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Who to trust …

Arriving to New Delhi straight from Brunei requires a couple of days of rest and to get my bearings around.

Brunei being very organised, quiet and clean, New Delhi is quite the opposite. There is constant honking, people everywhere, busy traffic, litter everywhere, people constantly wanting to sell things or transport and …. a lot more. But there is that other side of India too. The great food, amazing chai, kind people and a lot more.

 

Since I’m traveling on a budget I chose to stay at a cheep hostel that turned out to be located in a rough area. Locals I’ve talked to shake their heads in … disbelief or perhaps they think I’m crazy choosing that area. It’s dangerous they say, hold tight to your phone, don’t talk to strangers.

It probably is all that. Too. But it is also part of the reality in Delhi. And still this is the backpackers area. I’m not the only foreigner here. And not every person you meet will try to mug you or try to rip you off. There are also all the kind people. But one has to keep the guard up all the time and evaluate every person that passes you by. Using your common sense is essential.

Yesterday afternoon we had heavy rain. The streets were flooded and the hostel lost the power. Just when I was on my way to have a shower. I decided to go and have food instead. At the restaurant next door I was asked to wait until they had cleared the water off the floor and as I was waiting I met Hoa, 29, from Vietnam. We talked, we clicked and decided to go somewhere else. Cafe Madan was the place and the owner, a 49 year old very handsome man, joined the conversation. It turns out Hoa and I are both planing on going to Rishikesh and the man told us to take the train. Not the bus. The train leaves from New Delhi station he say. Good, that’s close, I’ll find where to buy the ticket I said. No, you will not he replied.

The thing is that when you buy the ticket at the railway station you don’t pay commission. So when you get there people will ask you where you are going and if you have a ticket. You will say no, but you are on your way to buy one at the counter for foreigners. The will tell you that counter is closed that day and take you to another place where you will end up paying 600 rupees instead of the 140 the ticket actually costs.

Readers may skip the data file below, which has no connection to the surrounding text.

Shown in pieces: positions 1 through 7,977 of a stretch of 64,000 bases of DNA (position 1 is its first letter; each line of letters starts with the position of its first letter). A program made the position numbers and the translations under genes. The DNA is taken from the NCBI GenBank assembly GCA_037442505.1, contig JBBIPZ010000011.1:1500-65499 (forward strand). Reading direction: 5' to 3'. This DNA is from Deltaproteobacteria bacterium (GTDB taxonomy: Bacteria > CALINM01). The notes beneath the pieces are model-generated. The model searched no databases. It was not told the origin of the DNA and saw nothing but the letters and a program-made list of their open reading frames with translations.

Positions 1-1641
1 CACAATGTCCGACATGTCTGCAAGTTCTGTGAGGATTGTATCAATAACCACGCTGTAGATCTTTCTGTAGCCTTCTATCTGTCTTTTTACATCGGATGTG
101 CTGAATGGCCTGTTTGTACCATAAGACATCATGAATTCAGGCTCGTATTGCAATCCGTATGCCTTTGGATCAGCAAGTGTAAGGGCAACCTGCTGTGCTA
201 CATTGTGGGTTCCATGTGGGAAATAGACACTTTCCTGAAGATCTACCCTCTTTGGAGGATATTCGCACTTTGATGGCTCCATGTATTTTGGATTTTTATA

Then he drew an exact map over the station and told me, don’t talk to any one, don’t tell anyone where you are going or that you want to buy a ticket. Tell them you already have one and just proceed to the counter. Don’t trust anyone.

So yes, there is this side of India too. The rich are very rich and the poor are very poor. A cow is more worth than a human life. People are know to be hit by one car and run over by another because the traffic doesn’t stop. Unless you are a cow. Then they stop. But that is another story. But people will do a lot of things to make ends meet. To survive.

And still there is something about this country that is so intriguing. It’s extremely hot and extremely rough and we still visit India. 12 October my visa expires. That gives me 2 months to explore this diverse and interesting country.

Let’s see what these 2 months have to offer.

4 thoughts on “Who to trust …

  1. I say interesting. I like your adventure spirit and the way you present your story. great!

  2. Thank you Leslie, your comment is much appreciated. Glad to have you onboard ?

  3. I must say you are a brave woman. India may never be on my “to-go” list but I do too enjoy your story and great adventure. Stay safe dear Madlen.

  4. Thank you dear Julia! I always do my best to stay safe. There’s so much left to see and do. I’m glad you are with me on this journey through my blog. Lots of love.

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